During my conversation with Modi I asked him several times whether he would reach out to Muslims. He kept on saying he will not change and that he is as inclusive as he always was. Modi told me: “Earlier I used to say 5 crore Gujaratis and now after 2011 Census I say 6 crore Gujarati. I want to embrace all the Gujaratis’ irrespective of caste, creed and religion”. According to him he is all inclusive. But according to us. his policies are not inclusive and he believes in exclusion.
Another important issue is the concept of the Gujarat Model of Development. I believe this to be a misnomer. There is no Gujarat Model that by implication can be replicated in other states. But the media remains sympathetic to the economic policies pursued by the Modi government in Gujarat, without making any attempt to understand exactly what this chief minister has contributed, or otherwise, to Gujarat’s development.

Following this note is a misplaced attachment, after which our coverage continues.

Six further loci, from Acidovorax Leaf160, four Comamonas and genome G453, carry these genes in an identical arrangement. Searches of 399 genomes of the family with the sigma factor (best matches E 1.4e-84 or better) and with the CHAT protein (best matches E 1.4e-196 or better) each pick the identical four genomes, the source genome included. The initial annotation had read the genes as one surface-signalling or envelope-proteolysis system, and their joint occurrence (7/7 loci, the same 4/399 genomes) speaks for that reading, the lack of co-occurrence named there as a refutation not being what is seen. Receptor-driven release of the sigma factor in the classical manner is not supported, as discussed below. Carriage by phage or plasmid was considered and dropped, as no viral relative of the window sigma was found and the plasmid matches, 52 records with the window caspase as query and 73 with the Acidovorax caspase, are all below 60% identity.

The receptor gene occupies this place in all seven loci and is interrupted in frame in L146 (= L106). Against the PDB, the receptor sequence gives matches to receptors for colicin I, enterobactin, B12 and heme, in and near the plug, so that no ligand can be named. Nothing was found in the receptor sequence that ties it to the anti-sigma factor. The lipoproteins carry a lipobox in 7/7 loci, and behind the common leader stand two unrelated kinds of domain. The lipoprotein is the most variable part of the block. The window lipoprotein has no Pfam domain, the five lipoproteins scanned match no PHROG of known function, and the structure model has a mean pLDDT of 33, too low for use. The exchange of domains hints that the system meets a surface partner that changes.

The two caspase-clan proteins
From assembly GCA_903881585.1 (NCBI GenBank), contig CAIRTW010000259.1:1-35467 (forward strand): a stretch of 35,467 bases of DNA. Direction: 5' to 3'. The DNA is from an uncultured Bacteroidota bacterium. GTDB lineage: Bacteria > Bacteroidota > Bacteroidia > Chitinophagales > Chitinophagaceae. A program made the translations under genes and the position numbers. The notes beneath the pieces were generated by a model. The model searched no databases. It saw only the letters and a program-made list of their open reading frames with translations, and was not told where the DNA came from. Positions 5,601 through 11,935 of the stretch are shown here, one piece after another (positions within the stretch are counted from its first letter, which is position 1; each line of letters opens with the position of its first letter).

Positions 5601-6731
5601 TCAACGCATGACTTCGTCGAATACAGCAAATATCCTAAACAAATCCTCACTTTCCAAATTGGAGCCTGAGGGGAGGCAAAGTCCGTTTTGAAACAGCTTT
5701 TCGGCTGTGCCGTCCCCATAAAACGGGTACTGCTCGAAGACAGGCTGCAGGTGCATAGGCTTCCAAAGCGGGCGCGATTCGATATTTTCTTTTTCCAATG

Many analysts point towards the exclusive nature of these development policies and how communities are being left out completely. For economic policies towork, Modi has to be inclusive and include dalits, tribals and Muslims in his programs and policies. Unless this happens the Gujarat Model will be little more than a newspaper headline.